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Why do children of Indian immigrants dominate American spelling bees?


Sriram Hathwar of Painted Post, N.Y., is greeted by family members after he and Ansun Sujoe of Fort Worth won the 2014 Scripps National Spelling Bee competition in National Harbor, Md. Both are Indian Americans.

Prof. Victor Mair (Language Log) asks the question, concluding with this:

The last eight national champions and thirteen of the last seventeen have been of Indian descent, a string of victories that began in 1999 with Nupur Lala’s win.

Given the extremely difficult and competitive nature of the spelling bees, it is impossible that the continuing domination of the spelling bees by Indian students over such an extended period is a fluke or an accident. There must be a rational explanation for their success, some secret to their prowess. Consequently, I would like to reopen the debate on this subject and welcome suggestions for making sense of this astonishing phenomenon.

It is indeed a very interesting question, and I’d love to hear what our readers think about it. Please avoid generic answers, such as “the commitment of Indian immigrant parents to education,” unless you can explain why Indian immigrants are much more committed to education than other comparably sized groups and subgroups, including the millions of American parents of generations-ago European extraction who are committed to education. (Even if the average Indian American parent is more committed to education than the average European American parent, there are many more European Americans than Indian Americans, and there are plenty of European American parents who are quite committed to education.)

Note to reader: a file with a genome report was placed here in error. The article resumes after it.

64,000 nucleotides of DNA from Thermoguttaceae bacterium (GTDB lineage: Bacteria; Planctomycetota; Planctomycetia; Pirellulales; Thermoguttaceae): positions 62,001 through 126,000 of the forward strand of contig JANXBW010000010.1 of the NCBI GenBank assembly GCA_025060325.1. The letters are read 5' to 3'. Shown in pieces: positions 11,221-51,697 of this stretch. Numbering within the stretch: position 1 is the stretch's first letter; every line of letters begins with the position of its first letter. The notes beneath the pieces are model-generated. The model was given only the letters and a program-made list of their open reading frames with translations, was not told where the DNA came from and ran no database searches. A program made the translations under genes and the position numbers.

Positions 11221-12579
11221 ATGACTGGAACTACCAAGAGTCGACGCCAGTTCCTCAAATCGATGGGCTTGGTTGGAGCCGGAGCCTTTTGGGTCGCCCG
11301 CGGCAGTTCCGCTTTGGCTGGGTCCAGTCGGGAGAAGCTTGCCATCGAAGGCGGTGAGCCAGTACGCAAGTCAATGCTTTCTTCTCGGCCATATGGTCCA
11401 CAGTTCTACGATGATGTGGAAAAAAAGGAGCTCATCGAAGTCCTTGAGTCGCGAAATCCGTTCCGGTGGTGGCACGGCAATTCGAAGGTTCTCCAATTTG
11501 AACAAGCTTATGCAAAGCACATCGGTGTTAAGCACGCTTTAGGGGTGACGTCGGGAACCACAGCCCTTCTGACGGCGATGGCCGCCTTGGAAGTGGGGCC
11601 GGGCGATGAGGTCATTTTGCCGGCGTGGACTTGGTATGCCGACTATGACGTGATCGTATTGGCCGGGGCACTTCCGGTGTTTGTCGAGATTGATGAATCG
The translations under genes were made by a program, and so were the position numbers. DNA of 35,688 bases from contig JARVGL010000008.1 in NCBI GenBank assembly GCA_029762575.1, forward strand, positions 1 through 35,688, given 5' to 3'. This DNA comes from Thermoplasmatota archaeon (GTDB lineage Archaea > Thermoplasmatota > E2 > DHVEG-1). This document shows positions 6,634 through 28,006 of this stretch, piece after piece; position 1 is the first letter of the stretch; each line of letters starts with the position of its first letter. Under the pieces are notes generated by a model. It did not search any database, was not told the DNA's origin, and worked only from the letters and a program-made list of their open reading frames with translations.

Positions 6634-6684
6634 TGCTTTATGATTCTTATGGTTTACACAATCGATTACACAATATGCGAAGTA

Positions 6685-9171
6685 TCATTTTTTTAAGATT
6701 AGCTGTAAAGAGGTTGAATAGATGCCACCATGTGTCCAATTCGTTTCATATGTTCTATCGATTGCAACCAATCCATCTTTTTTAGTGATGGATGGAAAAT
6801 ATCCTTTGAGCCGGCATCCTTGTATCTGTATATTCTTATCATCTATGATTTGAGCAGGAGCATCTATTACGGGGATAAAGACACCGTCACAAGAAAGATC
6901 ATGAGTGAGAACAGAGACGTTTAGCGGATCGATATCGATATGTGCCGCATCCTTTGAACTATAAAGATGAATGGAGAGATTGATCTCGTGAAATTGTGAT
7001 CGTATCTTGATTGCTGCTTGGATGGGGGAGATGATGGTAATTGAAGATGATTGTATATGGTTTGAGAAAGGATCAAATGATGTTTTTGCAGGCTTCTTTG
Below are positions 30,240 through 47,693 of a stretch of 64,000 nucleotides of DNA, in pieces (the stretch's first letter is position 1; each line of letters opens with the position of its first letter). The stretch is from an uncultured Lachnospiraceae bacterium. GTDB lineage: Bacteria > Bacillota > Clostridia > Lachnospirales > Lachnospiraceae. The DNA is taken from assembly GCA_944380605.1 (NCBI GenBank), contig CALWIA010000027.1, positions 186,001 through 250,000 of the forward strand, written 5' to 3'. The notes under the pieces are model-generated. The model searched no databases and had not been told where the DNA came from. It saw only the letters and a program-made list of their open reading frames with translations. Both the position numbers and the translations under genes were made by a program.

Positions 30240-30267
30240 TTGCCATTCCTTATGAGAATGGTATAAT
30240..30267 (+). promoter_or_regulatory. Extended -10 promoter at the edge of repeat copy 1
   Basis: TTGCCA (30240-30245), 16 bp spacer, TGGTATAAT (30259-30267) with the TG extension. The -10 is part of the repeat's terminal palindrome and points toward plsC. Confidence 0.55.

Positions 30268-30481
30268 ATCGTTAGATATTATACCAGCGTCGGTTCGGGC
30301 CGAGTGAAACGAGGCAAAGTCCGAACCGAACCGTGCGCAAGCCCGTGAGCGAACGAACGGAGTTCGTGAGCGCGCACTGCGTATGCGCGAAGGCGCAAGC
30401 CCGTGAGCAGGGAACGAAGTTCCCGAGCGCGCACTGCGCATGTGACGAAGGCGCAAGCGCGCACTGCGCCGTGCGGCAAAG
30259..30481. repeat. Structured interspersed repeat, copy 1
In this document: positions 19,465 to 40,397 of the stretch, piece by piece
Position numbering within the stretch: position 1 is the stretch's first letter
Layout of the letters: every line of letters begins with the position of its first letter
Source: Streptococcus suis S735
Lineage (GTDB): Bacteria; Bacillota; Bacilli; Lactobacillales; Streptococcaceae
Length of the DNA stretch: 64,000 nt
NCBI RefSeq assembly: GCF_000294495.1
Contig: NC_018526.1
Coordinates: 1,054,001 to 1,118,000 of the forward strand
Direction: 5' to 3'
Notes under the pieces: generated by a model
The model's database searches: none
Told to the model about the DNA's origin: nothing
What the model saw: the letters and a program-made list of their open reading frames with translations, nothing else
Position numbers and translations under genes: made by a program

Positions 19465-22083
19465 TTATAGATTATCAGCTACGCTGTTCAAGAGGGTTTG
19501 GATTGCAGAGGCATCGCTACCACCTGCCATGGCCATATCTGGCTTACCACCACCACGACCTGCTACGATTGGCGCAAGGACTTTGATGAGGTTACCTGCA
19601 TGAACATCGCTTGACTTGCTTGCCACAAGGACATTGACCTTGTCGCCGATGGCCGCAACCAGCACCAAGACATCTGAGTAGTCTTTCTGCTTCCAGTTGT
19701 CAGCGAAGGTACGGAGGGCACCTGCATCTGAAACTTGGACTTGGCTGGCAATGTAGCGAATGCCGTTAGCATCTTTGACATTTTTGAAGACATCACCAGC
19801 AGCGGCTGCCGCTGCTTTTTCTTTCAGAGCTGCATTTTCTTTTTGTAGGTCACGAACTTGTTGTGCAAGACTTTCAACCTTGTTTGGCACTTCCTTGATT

Eugene Volokh teaches free speech law, religious freedom law, church-state relations law, a First Amendment Amicus Brief Clinic, and tort law, at UCLA School of Law, where he has also often taught copyright law, criminal law, and a seminar on firearms regulation policy.



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